Those of us who live in areas that offer multi-megabit-per-second broadband Internet connections can easily forget that fast and reliable communication isn't the norm in many parts of the world. Some areas suffer with the vagaries of aged telephone networks and satellite links, which can make transferring large files difficult or even impossible.
Blade File Transfer System 2.3 mitigates the problems of unreliable networks by letting you restart interrupted file transfers where they left off, which is a boon when you can't get continuous connectivity to a remote server. It sports other useful features, such as a web-client interface in addition to the native Windows client, a command-line utility that can synchronize directories while minimizing data transfers, and email notification of transfer status.
Why not just use FTP? FTP is an insecure protocol that can open your server to hacker attacks. Although other secure file transfer solutions exist—such as FTP over SSL (FTPS) in Windows Server 2008's IIS 7.0 and the restart-enabled open-source FileZilla (filezilla-project.org)—they lack the convenient web GUI supplied by Blade File Transfer System.
Hard to Install But Easy to Use
Installing Blade File Transfer System isn't for the faint of heart. The bundled installer merely extracts a minimal installer and a how-to PDF document describing post-installation steps, which are numerous. For example, you must manually set IIS directory permissions, generate and install an SSL certificate, and create an IIS application pool. The installer could automate these steps to greatly simplify the setup process and head off potential missteps. In addition to the post-installation steps, you must manually create users' download and upload folders.
Once installed, however, Blade File Transfer System is straightforward to run. Users can install a native Windows client or access a web portal that downloads a .NET runtime file transfer utility. In both the Windows and web GUIs, the user simply selects files to be transferred and initiates the copy operation. This is where the system's fault tolerance comes into play. If the client's network connection is broken or if the server gets rebooted, Blade File Transfer System automatically restarts the file transfer from where it left off, without missing a byte.
On slow, unreliable networks, large file transfers could take hours or days—longer than anyone wants to sit around waiting. Blade File Transfer System has a convenient email notification feature that lets you know when a transfer completes or if a restart is required. Its command-line utility lets you synchronize files between a server and client, copying only the files that have changed, minimizing the amount of data that must be copied to maintain parallel file repositories. (This feature isn't available through either GUI.)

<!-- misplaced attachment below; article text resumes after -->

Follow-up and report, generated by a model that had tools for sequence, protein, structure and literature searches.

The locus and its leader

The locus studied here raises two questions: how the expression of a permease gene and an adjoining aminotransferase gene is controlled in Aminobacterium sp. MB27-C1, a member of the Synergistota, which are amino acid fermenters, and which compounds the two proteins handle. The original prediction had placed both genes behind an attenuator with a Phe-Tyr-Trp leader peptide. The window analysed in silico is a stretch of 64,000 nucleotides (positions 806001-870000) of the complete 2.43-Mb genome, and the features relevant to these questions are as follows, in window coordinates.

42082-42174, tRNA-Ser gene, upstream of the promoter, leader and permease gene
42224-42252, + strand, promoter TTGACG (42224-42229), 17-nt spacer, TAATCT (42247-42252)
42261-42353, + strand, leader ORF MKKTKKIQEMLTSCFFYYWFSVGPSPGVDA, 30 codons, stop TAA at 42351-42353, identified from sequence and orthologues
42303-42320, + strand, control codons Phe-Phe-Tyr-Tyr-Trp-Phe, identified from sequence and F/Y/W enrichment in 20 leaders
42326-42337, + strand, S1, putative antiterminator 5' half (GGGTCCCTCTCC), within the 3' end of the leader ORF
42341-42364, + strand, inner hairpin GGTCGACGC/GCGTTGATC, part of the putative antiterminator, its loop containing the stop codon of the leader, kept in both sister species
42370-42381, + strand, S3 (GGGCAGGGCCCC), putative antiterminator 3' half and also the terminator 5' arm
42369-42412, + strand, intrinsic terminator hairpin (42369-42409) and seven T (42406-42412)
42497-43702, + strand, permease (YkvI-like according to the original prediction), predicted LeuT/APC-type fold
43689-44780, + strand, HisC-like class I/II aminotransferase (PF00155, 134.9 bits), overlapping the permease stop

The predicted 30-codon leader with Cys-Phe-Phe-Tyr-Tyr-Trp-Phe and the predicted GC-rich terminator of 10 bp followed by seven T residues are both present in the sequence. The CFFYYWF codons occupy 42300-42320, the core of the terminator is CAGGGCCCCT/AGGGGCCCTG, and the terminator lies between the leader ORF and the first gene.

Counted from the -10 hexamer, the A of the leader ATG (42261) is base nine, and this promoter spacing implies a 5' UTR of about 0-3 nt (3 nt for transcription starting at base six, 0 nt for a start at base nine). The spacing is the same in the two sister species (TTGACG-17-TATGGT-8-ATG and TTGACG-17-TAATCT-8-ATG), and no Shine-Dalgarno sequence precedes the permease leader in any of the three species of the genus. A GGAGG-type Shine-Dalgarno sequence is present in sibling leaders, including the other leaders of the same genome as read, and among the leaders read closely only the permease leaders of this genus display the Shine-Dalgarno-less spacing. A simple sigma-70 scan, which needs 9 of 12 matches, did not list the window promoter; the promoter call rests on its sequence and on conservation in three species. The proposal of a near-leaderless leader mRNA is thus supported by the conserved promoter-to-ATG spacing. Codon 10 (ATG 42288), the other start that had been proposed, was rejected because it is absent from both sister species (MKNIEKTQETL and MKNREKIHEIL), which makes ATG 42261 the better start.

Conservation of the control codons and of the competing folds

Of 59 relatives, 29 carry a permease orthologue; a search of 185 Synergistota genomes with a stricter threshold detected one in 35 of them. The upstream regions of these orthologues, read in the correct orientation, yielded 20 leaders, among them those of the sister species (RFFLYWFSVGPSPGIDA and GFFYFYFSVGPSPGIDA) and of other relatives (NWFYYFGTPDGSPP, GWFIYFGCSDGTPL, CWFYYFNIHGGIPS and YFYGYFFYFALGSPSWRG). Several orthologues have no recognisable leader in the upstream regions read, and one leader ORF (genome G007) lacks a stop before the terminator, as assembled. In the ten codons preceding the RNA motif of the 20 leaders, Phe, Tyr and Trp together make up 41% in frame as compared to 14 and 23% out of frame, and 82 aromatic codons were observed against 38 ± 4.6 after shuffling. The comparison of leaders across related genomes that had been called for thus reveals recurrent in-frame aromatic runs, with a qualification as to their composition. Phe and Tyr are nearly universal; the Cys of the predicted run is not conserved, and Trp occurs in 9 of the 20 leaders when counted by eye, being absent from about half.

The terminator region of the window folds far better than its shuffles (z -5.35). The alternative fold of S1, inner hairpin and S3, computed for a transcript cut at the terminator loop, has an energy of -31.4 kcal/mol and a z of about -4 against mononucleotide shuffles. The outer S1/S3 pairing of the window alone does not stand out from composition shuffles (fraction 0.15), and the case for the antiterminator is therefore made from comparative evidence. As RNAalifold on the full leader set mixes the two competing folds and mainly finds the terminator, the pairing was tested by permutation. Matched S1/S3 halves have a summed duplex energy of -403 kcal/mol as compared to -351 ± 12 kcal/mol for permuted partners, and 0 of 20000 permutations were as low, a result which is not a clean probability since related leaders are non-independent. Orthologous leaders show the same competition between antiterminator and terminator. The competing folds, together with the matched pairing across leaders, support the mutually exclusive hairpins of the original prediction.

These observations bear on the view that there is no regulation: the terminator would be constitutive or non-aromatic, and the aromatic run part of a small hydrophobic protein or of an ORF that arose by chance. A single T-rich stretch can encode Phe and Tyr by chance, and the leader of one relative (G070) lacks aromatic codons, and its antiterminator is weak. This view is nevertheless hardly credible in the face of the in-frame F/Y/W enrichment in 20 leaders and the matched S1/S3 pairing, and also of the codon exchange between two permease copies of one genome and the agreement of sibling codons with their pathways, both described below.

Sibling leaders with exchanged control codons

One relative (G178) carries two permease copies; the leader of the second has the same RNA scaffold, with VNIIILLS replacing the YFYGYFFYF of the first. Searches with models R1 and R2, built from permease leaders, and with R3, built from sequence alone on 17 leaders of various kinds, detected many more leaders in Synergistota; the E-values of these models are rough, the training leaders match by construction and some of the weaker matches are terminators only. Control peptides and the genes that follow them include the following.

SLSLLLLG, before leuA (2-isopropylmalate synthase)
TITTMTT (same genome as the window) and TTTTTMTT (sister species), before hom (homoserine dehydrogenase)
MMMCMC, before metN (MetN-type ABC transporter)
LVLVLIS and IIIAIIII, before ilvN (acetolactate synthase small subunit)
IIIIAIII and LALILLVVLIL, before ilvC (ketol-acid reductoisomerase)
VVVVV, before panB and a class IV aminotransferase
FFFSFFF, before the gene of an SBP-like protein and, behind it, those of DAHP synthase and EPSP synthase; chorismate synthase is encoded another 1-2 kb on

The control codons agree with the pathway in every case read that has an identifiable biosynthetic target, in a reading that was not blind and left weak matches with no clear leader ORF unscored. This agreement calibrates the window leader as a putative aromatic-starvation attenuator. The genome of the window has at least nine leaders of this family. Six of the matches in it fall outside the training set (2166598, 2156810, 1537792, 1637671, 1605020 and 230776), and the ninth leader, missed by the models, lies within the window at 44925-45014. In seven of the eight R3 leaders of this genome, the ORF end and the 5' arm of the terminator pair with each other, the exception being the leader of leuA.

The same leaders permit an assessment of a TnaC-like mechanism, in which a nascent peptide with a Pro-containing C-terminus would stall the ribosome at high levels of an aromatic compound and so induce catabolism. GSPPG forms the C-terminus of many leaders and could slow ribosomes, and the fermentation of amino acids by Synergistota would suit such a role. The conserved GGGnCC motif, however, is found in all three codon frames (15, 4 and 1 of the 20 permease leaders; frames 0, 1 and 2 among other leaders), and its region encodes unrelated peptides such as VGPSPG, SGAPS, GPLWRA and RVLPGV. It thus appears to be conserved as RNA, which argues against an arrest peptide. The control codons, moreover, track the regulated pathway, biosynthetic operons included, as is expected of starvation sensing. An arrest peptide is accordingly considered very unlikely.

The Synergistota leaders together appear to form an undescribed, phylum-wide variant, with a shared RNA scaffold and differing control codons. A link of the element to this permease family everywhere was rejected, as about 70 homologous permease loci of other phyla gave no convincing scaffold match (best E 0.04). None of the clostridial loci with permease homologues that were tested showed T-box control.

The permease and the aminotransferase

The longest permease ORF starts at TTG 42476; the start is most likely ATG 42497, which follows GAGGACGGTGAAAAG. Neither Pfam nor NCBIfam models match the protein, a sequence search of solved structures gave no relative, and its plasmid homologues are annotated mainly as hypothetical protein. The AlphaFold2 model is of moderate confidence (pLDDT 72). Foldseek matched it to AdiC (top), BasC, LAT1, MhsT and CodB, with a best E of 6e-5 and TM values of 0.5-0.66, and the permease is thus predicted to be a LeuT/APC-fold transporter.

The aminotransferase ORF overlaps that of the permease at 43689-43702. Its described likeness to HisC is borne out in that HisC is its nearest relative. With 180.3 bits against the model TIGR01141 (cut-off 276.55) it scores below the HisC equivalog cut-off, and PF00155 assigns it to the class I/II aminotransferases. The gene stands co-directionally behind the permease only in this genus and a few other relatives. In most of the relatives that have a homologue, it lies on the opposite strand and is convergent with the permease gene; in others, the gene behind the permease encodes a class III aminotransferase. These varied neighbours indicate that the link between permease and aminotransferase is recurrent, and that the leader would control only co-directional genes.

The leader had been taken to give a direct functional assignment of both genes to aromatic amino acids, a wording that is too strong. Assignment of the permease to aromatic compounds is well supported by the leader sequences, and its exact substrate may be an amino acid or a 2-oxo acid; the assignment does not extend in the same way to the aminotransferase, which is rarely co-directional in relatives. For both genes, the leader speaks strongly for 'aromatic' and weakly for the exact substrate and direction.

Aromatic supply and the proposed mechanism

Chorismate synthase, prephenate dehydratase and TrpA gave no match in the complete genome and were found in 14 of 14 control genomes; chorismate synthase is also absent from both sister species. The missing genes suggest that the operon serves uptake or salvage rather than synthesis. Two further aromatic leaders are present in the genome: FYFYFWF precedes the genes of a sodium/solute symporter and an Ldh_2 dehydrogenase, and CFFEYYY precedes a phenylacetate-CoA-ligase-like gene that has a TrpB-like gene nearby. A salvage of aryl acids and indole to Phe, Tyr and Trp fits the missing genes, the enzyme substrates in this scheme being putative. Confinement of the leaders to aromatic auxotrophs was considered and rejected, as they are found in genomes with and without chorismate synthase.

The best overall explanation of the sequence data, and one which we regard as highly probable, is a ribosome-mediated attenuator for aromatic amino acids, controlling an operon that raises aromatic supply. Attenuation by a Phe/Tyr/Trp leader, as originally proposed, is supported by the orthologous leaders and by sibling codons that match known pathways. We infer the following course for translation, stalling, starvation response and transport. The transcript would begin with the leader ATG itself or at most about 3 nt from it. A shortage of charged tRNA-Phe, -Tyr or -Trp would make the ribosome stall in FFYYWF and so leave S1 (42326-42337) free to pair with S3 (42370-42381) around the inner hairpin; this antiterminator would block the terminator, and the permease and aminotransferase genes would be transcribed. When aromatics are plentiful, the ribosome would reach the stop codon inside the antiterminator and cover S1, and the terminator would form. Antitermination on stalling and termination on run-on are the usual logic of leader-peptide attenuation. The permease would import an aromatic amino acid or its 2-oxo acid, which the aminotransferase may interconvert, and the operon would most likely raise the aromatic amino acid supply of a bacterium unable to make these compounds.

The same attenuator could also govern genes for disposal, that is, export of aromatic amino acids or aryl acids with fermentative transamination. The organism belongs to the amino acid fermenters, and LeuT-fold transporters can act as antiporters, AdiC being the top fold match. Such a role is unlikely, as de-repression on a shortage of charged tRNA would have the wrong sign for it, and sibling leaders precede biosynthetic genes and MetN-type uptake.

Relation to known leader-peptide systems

Blade File Transfer System has a few other advantages, such as the ability to move files up to a terabyte in size, which is far larger than the files you can move with Microsoft's FTPS utility. In addition, the files will pass through most firewalls without special configuration requirements because the system uses SSL/Transport Layer Security (TLS) transport, which is also known as HTTP Secure (HTTPS) transport.
Blade File Transfer System has a couple negatives—and one is serious. If you neglect to install a digital certificate, it authenticates users and transfers files without encryption. More important, it doesn't warn you by sending a message to the client or logging an error on the server. Nothing in the installation process forces you to install a certificate, which is an easy step to miss, especially given the minimal guidance about SSL provided in the installation guide. This oversight contravenes enterprise-level security practices, which is to fail in a “safe” state, especially for a product at this price that claims data protection as a major feature. Even worse, the system fails to record in its audit log that encryption isn't operational. Even a basic web browser clearly depicts when a session is unencrypted. Blade File Transfer System should display the security status during transfers, log that status for every file moved, and alert users when data is being sent unencrypted.
The second negative is a buyer's caveat: Blade File Transfer System requires separate CALs for each user (including web and command-line users) and comes bundled with only five CALs. This could be a deployment limitation if you're looking for a way to interact with many customers in, for example, a tech support environment.
Useful But Needs Work
If you need to securely move large or numerous files on less-then-perfect networks or if you want to give your users a simple web-based file transfer interface, Blade File Transfer System is a useful solution. However, the serious security flaw I found regarding unenforced encryption must be remedied before I can recommend it wholeheartedly.
Blade File Transfer System 2.3